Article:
“It’s a small fraction, typically under 2 percent of the total player base,” according to Woods. “The social casino model is largely built on the concept of scale. If you have a large enough audience, that 2 percent becomes meaningful in terms of a revenue stream.” (Some experts say the number of conversions can be as high as 10 percent.)

Other ways to monetize include advertising, Woods adds. “We can very narrowly target appropriate ads and messages for appropriate audiences, so the likelihood of them benefiting from the message can be much higher. For people who aren’t interested in reaching into their own pockets, casinos can essentially negotiate an exchange of their time and attention for additional coin-back.”

She says gaming companies are “getting better at administering that implied contract, giving consumers more control over when and what types of ads they want to see in exchange for currency and time on device.”

“You can make some money in the space, but it’s not like you’re going to take on the Playtikas and Double Downs of the world,” says Bennet. “It will pale in comparison to what you make on the casino floor. But people are more profitable on-property than off. Social casino is a fantastic contextual marketing channel to reach them and get them back on site.”

Free-play sites will break even “in most cases after a year or two, and in fact even can be slightly positive,” Krejcik says. “Financially it’s not a major windfall, but from a strategic and marketing standpoint, it makes a lot of sense.”


The Future of Social Casinos

If and when real-money iGaming becomes widespread in the United States, will it coexist with social sites? Will the customer groups overlap? The answer to both questions, Woods says, is yes.

“People have different appetites at different times—there are days they wake up feeling lucky and want to wager real money. Some days they just want to be entertained. The day after payday feels very different than the day before payday.”

“It remains to be seen, but we’re of the mindset that social casino is going to coexist with real-money gaming, even if it becomes readily and widely available across the U.S.,” says Krejcik. “Certainly there will be some users and players who switch, because the social game designs are much more casual, social-based, pick-up-and-play. They don’t have any of the pressure or anxiety of winning or losing a bunch of money.”

Not all casino operators have jumped into the social, and that can be to their detriment as players give their loyalty to other brands. But it’s not too late, and according to Takrudtong, it’s not really too expensive.

“It’s unwise to sit out the space when the barriers to entering social, after five years of development by the major suppliers, are incredibly low. The price of entry is effectively three slot machines, and I don’t believe there’s a casino with over 1,200 units on their floor that can’t carve out a budget for three slot machines. In return, they’re putting their games in the hands of players on their own devices.”

As Bennet puts it, “When we talk to casinos these days, the first thing I say is, ‘Your players are playing these games right now. And they should be playing your game.’”



Social Casino Makes the Grade
Bob Hayes, Vice President, Global, Commercial, Interactive, Scientific Games

How successful are social casinos in bringing people to land-based properties? 

Based on anecdotal evidence and research, social casinos have served as a driver for increased visitation and spend on the casino floor. Richard Schwartz, president of Rush Street Interactive, said they saw their social casino site increase land-based visits by over 20 percent each year and a half, post-launch.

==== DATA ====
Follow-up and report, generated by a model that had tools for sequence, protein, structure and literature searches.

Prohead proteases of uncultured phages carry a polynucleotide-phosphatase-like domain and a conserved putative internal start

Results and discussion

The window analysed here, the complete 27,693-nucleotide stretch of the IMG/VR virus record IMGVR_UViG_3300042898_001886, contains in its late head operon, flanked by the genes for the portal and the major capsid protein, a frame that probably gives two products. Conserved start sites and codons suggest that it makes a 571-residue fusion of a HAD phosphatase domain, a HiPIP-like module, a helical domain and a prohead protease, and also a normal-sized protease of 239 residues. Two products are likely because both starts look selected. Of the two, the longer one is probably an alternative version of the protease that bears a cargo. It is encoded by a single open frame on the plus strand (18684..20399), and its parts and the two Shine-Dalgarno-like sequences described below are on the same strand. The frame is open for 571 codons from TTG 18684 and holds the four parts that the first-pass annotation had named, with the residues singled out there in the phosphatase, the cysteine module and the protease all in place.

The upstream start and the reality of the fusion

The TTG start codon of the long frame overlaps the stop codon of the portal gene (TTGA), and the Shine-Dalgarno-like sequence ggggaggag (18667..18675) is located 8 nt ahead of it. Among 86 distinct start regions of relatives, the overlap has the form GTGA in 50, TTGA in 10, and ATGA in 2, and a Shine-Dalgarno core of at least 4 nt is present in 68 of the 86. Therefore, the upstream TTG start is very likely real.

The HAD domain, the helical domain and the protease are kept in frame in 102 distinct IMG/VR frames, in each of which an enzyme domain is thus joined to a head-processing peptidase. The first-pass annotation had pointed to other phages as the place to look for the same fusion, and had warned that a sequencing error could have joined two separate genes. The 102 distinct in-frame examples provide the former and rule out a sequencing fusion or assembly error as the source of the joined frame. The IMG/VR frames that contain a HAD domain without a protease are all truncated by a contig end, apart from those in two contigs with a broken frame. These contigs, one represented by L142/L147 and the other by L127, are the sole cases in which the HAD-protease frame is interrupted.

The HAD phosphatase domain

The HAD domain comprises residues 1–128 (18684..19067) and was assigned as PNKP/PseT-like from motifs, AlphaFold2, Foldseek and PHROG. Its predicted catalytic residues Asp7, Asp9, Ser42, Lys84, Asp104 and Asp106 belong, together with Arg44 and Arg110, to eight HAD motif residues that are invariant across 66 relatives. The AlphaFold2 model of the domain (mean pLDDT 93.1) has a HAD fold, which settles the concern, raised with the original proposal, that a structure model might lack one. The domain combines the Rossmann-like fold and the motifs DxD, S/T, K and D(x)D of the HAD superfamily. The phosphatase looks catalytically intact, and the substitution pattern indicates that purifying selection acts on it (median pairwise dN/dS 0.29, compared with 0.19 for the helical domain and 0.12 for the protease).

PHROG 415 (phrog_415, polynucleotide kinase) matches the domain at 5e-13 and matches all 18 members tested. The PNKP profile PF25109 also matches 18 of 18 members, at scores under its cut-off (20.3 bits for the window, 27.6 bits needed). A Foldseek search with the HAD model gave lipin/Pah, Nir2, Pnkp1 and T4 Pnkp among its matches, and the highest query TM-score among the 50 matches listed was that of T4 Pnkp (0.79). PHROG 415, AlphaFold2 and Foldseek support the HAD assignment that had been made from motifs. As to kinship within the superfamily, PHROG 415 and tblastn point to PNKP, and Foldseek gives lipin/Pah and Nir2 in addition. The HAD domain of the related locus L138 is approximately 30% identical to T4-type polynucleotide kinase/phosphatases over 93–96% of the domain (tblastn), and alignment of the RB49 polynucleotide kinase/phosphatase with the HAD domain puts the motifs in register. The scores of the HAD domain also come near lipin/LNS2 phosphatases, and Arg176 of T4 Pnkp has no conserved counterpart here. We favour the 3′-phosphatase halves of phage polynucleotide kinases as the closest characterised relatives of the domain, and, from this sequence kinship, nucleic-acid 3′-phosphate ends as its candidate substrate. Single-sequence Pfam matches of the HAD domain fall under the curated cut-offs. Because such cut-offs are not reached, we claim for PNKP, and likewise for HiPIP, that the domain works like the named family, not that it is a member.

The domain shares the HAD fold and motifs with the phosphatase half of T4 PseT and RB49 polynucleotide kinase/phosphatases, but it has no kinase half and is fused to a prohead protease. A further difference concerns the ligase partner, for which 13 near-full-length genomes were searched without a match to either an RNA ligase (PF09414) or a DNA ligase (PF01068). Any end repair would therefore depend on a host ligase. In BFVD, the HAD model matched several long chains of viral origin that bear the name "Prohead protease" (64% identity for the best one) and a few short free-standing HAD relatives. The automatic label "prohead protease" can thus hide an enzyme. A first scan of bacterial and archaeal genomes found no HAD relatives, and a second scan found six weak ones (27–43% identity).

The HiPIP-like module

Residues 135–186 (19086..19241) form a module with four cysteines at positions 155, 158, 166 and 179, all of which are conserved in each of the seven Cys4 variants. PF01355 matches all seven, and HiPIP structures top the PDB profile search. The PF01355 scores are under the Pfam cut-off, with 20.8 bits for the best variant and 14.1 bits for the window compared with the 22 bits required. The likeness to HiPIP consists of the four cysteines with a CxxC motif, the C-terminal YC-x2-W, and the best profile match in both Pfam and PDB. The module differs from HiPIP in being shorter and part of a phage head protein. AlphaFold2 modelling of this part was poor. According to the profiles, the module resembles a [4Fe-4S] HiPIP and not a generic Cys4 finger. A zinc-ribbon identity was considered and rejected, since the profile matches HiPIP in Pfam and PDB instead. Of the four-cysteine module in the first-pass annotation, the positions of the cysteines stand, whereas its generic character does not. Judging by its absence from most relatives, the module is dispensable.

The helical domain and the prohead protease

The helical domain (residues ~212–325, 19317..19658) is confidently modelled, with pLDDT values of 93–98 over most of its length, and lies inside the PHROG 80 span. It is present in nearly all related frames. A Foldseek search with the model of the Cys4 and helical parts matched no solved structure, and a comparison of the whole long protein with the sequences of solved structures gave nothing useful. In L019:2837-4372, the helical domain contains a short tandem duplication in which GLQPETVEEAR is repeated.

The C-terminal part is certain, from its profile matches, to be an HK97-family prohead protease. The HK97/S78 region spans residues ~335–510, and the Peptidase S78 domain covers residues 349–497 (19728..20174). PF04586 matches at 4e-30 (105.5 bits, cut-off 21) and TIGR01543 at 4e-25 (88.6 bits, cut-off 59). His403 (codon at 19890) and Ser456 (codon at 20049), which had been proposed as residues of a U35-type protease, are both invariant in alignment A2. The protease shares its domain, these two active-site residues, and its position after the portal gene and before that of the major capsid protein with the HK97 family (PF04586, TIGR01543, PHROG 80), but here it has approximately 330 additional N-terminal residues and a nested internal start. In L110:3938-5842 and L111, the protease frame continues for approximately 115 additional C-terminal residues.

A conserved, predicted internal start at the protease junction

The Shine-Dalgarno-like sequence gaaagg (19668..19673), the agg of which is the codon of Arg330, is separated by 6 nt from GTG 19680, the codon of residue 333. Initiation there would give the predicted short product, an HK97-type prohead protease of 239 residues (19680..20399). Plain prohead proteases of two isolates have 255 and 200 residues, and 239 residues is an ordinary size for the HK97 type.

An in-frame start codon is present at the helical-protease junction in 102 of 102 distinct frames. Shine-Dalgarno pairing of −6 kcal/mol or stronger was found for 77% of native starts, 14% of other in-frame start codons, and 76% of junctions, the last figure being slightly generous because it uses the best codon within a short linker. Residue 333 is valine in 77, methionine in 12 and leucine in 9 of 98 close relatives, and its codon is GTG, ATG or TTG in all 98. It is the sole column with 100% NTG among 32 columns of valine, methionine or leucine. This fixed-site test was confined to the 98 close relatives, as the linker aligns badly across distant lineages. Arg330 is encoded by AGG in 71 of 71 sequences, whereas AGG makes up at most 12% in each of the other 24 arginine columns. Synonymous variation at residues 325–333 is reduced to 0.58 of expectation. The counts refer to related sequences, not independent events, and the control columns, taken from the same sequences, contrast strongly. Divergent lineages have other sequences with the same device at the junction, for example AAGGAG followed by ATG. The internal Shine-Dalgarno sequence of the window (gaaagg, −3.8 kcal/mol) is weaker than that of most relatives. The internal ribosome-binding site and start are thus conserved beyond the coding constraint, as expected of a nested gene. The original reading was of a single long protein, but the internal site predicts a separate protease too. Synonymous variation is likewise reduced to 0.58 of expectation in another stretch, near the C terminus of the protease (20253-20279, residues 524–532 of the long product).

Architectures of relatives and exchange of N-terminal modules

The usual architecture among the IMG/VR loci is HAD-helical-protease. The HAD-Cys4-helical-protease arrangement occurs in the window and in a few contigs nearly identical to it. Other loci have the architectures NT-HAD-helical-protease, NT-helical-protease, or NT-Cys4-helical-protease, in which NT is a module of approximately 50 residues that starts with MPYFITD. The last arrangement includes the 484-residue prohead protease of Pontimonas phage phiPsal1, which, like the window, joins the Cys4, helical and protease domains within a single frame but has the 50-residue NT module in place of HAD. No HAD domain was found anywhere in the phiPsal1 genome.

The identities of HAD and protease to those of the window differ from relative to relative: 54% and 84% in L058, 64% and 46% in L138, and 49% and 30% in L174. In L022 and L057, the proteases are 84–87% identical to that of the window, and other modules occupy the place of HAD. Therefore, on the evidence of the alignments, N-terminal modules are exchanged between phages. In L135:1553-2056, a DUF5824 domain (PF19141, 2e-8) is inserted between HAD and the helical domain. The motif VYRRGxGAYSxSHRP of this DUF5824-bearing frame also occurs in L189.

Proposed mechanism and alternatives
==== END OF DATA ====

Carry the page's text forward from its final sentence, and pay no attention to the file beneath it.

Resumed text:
In a 2017 Global Gaming Business article, Penn National Gaming, now using the SG Universe product suite, recognized early returns from, seeing significant overlap in land-based and active social casino participants.

A study by Game Account Network over nearly eight years across six major U.S. casinos showed an average 28 percent uplift in on-property theoretical win from increased visitors who also engaged with the social gaming platform.

The moral of the story: a social casino doesn’t cannibalize brick-and-mortar, it complements it.

How do social casinos support a marketing strategy?

Brick-and-mortar casinos can market to an engaged social casino audience via highly targeted and highly trackable digital tactics—everything from push messaging and geo-fencing to in-app messaging and email campaigns. These tactics can be easily segmented, A/B tested, and optimized on an ongoing basis to provide the best possible results, even as an audience base evolves.

As part of the SG Universe product suite, customers can utilize Core Systems Integration technology to tie into their land-based systems, which provides a true 360-degree view of the player. Strategic use of this view can empower casinos to serve up communications that answer to the marketing trifecta: right audience, right place, right time. Nothing trumps the importance of relevance.

What demographic is reeled in via social casinos?

It tends to skew female at 79 percent with an average age of 39. Research shows that 82 percent of social casino gamers visited a land-based casino within the past year, and 60 percent have visited a land-based casino in the past six months. These results reinforce that there is a continued and undeniable convergence of land-based and online play. Today’s patron is more multi-channel than ever before.

What trends should we be watching for in 2018?

Different in-game features and functionalities will pop up that make for a more interesting and compelling player journey. In particular, look for evolution around features that connect people and create communities, as well as those that tie back into the property with offers, tournament qualifiers and more.